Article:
7. A formwork as claimed in claim 5, further comprising reinforcing bar supports in the form of support rods fixed to said coupling rods between said tie-rods, the ends of said support rods being bent in the form of troughs for the lodging of reinforcement bars.
8. A formwork module for making an insulated concrete wall and comprising a pair of formwork module sections disposed in mirror position and stacked one upon the other comprising:
(a) each section including:
i. a panel having an outer face and an inner face, an upper edge and a lower edge,
ii. spaced ribs solid with said panel and projecting from said panel inner face between said edges, each of said ribs having an upper end and a lower end,
iii. inserts embedded, each in one of said ribs, said inserts being formed with tie-rod receiving-and-locking apertures, said apertures being located at said upper and lower ends of said ribs and short of said panel upper and lower edges, and
iv. said inserts being tubular members having hollowed ends opening at the upper and lower ends of said ribs, said hollowed ends defining said ties-rod receiving-and-locking apertures;
(b) tie rods disposed one above the other, in pairs, adjoining each pair of modules, the tie rods having hooked ends lockingly engaged into said hollowed ends of said tubular members, said hooked ends being formed of an inner part, flatly engaging the bores of said hollow ends, and of an inclined terminal part in edge-butting engagement with said bores to prevent withdrawal of said tie-rods from said tubular members; and
(c) coupling rods having hooked ends, said hooked ends interlocking with the tie-rod of said pairs of tie-rods for preventing vertical separation of said formwork modules as concrete is being poured into said formwork.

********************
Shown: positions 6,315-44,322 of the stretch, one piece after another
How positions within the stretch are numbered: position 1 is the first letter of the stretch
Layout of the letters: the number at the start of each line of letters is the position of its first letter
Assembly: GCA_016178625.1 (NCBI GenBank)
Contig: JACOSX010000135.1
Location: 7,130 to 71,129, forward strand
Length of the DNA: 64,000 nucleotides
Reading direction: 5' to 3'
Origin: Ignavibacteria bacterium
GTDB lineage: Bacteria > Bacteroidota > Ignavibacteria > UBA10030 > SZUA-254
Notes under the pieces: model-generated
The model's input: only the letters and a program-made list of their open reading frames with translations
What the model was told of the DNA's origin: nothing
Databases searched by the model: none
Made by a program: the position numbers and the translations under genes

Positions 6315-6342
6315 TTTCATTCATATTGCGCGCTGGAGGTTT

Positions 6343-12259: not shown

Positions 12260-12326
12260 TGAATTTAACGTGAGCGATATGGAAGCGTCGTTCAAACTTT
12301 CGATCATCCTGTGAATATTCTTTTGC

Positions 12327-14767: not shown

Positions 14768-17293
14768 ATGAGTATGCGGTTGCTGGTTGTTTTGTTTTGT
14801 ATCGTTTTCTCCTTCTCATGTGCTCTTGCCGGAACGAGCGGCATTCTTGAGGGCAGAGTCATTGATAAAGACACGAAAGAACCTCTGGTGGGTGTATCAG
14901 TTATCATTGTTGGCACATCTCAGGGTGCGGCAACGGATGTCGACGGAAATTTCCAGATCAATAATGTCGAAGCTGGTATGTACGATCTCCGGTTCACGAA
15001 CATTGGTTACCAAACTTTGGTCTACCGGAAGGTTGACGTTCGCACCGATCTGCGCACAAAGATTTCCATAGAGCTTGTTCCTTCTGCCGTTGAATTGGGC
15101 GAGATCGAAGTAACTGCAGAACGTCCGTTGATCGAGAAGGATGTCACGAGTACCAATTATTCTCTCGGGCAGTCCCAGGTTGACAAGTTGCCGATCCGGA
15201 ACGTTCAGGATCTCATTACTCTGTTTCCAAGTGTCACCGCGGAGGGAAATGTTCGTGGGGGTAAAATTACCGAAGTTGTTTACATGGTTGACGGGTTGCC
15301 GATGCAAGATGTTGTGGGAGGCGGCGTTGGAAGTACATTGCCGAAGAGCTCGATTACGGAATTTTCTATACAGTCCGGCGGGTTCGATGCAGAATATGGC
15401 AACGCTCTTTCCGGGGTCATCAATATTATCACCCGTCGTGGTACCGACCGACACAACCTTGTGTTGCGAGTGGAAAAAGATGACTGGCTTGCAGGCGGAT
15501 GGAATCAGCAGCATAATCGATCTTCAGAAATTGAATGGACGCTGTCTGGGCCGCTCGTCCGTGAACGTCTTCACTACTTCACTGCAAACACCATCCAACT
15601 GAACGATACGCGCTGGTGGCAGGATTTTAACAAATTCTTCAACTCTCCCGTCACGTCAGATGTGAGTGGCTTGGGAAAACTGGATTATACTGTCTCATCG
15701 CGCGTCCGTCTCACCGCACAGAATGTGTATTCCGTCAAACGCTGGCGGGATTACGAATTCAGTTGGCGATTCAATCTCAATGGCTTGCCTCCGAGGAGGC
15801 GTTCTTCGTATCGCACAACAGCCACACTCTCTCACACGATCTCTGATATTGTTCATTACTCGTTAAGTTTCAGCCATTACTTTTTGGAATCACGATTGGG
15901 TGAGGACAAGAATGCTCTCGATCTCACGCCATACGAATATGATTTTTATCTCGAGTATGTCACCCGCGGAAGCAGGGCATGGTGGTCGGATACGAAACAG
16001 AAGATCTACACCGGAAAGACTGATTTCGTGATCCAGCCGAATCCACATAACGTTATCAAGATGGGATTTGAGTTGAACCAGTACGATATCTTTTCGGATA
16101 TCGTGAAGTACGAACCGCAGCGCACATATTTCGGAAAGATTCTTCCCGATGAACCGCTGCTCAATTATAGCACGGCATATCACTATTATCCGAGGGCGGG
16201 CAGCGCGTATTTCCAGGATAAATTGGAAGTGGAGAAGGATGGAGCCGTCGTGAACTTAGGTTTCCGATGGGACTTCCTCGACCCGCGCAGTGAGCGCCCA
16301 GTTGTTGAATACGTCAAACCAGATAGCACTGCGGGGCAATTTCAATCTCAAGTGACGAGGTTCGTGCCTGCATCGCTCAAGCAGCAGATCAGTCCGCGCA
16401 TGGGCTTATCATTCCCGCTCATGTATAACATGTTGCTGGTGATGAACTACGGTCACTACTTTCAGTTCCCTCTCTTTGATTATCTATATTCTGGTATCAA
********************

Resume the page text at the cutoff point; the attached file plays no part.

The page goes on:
9. A formwork as claimed in claim 8, wherein said tie-rods of a pair slightly bend toward one another at the centers thereof to form nicks and said hooked ends of said coupling rods engage into said nicks.
10. A formwork as claimed in claim 8, further comprising reinforcing bar supports in the form of support rods fixed to said coupling rods between said tie-rods, the ends of said support rods being bent in the form of troughs for the lodging of reinforcement bars.
1. Field of the Invention
The present invention generally relates to the art of making a concrete wall which is insulated both on the inside and on the outside by using a formwork, made of foam plastic material such as expanded polystyrene, as a mold into which the concrete mix is poured, which mold is permanently secured to the concrete after the latter has set.
2. Description of the Prior Art
In present day practice, a formwork made of wood or metal panels held together in spaced parallel position by tie-wires and other appropriate connection means at their ends, is used to build a concrete wall. The formwork is expensive and its mounting and dismounting are time consuming and thus also costly. Furthermore, the resulting concrete wall is not insulated.
A formwork has already been proposed which is constituted by hollow modules fully made of insulating foam plastic material; the modules being disposed and stacked in the manner of a brick wall and concrete mix being thereafter poured into the assembled hollow modules acting as a mold which remain permanently secured to the concrete wall after the concrete has set. In this manner, not only is time being saved in setting up the formwork on site-appropriate tie-wires and tongue-and-groove joints being provided at the factory--but there is no time wasted in dismantling the formwork as in the old practice. Also, the very advantageous result is the production of a concrete wall which is fully and permanently insulated both on the inside and on the outside.